And so this project has taken an interesting turn – the nature of managers themselves

I mentioned working on a project where the client is looking to shift the formal training courses to some other (dare I say ‘informal’) delivery method.

Yesterday, it took an unexpected swing … not just a turn, but a dizzying swirl …

The courses are designed for new – and relatively new – managers … typically individuals who are beginning the climb up the management ladder … so they’ve been given a small team to lead/manage.

When interviewing the owners of the content I heard on several occasions (and because this was brought up much more frequently than I anticipated, I have to incorporate this into my work now) that there is need to … and this is a direct quote from someone … “engage and entertain better.”

Why, might this be?

Because these new managers are young-un’s … they’re the beginning wave of the Net Gener’s … the Millenials … Gen Y … Digital Natives … pick your label …

The point being that the client (and they can be easily pegged as being quite conservative in their approach and views, so this surprised me even more) wants to figure out ways to make learning experiences relevant, meaningful and effective for this new crop of managers. 

My shock was not so much that they recognized this demographic shift. It was that they saw this demographic shift as requiring a new way for them to respond … not just to complain about these young whippersnappers.  They know, although perhaps not quite yet able to articulate it, that this requires change on both sides of the generational divide. 

Up until yesterday I was led to believe that the prevailing perception was that the youngsters were the ones who had to change … to get on board with corporate life … to grow up, as it were.

Since yesterday, the client has voiced a desire to change themselves.

I knew that this was going to be a fun project!

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About Rory

I make my home in the central part of the Garden State along with my family. When I'm not working as an Instructional Designer (focusing mostly on Web-Based learning ... and other eLearning technologies) or researching something, I'm found at home playing computer or video games. Among other things, I volunteer as a choir member and catechist for 8th graders at my parish.
This entry was posted in informal learning, instructional design, Net Generation, project work. Bookmark the permalink.

4 Responses to And so this project has taken an interesting turn – the nature of managers themselves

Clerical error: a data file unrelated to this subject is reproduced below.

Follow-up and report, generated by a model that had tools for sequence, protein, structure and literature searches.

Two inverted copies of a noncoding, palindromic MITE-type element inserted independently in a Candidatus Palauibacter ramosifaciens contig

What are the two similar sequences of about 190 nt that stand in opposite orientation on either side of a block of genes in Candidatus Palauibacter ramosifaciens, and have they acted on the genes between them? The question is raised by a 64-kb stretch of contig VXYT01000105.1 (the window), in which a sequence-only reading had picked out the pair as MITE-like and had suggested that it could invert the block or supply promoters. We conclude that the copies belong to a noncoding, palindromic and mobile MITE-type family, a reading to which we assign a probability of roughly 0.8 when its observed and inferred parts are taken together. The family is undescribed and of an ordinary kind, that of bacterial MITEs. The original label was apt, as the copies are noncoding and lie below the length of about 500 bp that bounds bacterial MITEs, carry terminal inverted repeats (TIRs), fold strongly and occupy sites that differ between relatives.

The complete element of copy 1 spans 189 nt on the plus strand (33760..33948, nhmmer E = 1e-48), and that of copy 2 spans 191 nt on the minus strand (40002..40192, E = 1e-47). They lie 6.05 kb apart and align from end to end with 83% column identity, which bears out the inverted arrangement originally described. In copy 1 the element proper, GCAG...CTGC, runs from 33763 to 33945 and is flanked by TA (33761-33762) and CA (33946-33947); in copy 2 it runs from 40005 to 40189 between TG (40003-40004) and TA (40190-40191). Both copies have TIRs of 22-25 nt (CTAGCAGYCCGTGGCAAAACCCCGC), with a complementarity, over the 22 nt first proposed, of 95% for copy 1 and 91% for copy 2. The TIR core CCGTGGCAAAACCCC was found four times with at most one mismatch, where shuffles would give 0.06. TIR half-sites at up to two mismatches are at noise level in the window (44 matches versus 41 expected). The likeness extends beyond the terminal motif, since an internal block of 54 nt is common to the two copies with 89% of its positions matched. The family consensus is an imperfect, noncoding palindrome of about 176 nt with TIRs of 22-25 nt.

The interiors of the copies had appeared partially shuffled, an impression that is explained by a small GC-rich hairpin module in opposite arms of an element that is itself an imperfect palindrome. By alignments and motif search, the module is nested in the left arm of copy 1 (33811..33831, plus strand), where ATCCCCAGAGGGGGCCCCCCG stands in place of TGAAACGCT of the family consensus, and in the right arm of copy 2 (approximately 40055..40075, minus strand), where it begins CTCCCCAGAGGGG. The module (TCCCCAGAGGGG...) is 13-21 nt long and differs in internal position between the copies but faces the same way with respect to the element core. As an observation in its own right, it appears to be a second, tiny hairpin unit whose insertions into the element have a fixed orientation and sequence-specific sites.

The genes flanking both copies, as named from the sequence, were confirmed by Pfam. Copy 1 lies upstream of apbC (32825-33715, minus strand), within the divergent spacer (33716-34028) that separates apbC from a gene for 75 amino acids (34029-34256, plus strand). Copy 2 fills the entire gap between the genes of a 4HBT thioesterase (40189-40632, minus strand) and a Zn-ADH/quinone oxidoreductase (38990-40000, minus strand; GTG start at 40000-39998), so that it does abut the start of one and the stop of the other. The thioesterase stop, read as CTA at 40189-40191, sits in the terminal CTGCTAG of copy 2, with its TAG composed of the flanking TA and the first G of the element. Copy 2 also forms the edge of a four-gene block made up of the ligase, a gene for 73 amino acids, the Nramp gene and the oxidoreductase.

1. nkilkenny says:

    Change is Happening! This is awesome to hear. I’m very happy for you. Never thought that they/Net gen would have to change, in fact I was hoping that all groups could bring their skills, quirks, talents to the table for collaboration and one group would not dominate over the others. Though I’ve found unfortunately enough that sometimes the Baby Boomers can dominate the efforts or declare that they don’t want to use the new technology because it’s not what they’re used to. I would just like for us to all get along, but honestly I think that much of the resistance to new tech is motivated by fear and most likely insecurity. Half the battle is showing, demonstrating and training folks so it isn’t scary.

  2. Rory says:

    There is a give-and-take that I’m now only just beginning to see emerge. Up until now I was sure that the Boomer-types would essentially ‘pull rank’ and play the ‘you gotta get with the program’ card.

    At least for this project, the older-curmudgeonly client group is actually thinking outside their normal habits. Partly because they’re realizing that the talent pool has changed. Better to tackle it head on right now than wait until its too late.

    That’s the breath of fresh air in this project for me.

  3. nkilkenny says:

    Maybe the issue with us is that there aren’t a lot of younger people in our company. It would be nice to pull in perspectives from younger generations.

  4. Rory says:

    My client company is global and quite diverse in age throughout their enterprise. So, I think they’re seeing the writing on the wall as boomers are preparing to retire and the young-uns are moving up into positions of leadership.

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